1.3 percent of the population in England and Wales whose main language was not English (or Welsh in Wales), could not speak English well, and 0.3 percent not at all. In Scotland the figures were 1.2 percent and 0.2 percent respectively, and in Northern Ireland 0.7 percent and 0.2 percent.
There is a clear correlation in the labour market between proficiency in English and the employment rate. For male non-native speakers of English who judge themselves not proficient, the unemployment rate is 1.3 percent higher than for those who claim to be proficient. For women, the difference is 4.8 percent. However, the economic inactivity rate is much higher for non-proficient women, 59.5 percent, than for men who are not proficient, 24.3 percent. This may reflect a cultural difference, as in some patriarchal cultures, women’s education can be limited.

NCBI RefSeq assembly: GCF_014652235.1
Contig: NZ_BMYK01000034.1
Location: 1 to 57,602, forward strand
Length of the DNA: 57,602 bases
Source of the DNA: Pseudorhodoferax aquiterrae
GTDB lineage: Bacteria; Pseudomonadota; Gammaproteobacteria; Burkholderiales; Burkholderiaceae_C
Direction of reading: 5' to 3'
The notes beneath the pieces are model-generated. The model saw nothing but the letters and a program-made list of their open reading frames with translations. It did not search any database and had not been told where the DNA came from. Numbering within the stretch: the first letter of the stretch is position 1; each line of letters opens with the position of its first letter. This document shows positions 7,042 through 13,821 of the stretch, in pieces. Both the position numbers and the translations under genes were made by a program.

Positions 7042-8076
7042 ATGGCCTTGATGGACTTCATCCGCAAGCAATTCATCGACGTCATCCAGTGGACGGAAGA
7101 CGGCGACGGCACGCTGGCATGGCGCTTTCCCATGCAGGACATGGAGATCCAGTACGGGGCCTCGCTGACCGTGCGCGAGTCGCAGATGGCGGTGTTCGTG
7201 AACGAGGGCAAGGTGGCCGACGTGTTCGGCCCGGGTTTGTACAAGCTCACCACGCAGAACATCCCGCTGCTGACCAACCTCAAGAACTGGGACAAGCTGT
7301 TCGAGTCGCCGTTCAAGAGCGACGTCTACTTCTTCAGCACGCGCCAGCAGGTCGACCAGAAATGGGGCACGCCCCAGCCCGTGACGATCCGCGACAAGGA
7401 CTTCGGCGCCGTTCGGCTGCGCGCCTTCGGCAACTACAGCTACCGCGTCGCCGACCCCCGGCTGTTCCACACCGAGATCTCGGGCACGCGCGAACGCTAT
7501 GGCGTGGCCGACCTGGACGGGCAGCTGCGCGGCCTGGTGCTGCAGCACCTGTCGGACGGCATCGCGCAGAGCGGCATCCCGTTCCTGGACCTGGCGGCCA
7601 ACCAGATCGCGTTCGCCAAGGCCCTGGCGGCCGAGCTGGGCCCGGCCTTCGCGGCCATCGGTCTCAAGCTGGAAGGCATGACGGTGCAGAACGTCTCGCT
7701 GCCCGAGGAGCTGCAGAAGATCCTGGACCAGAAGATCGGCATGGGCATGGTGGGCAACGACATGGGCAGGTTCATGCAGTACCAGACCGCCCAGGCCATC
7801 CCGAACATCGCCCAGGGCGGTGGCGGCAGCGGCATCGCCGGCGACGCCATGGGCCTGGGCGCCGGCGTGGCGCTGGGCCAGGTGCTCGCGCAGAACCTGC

So large is the perceived importance of speaking and learning English, that 84 percent of adults in Great Britain supported the UK government’s proposal to cut benefits for people unable to speak English who were not taking classes. Amongst Conservative and UKIP supporters, the amount in favour reached 95 and 94 percent respectively.
At the same time though, waiting lists for ESOL (English for Speakers of Other Languages) increased, and according to the centres that run these state-approved, government-funded courses, the main reason for this was a lack of funding. In 2012/2013 the ESOL budget was reduced by just under a half since 2008/2009.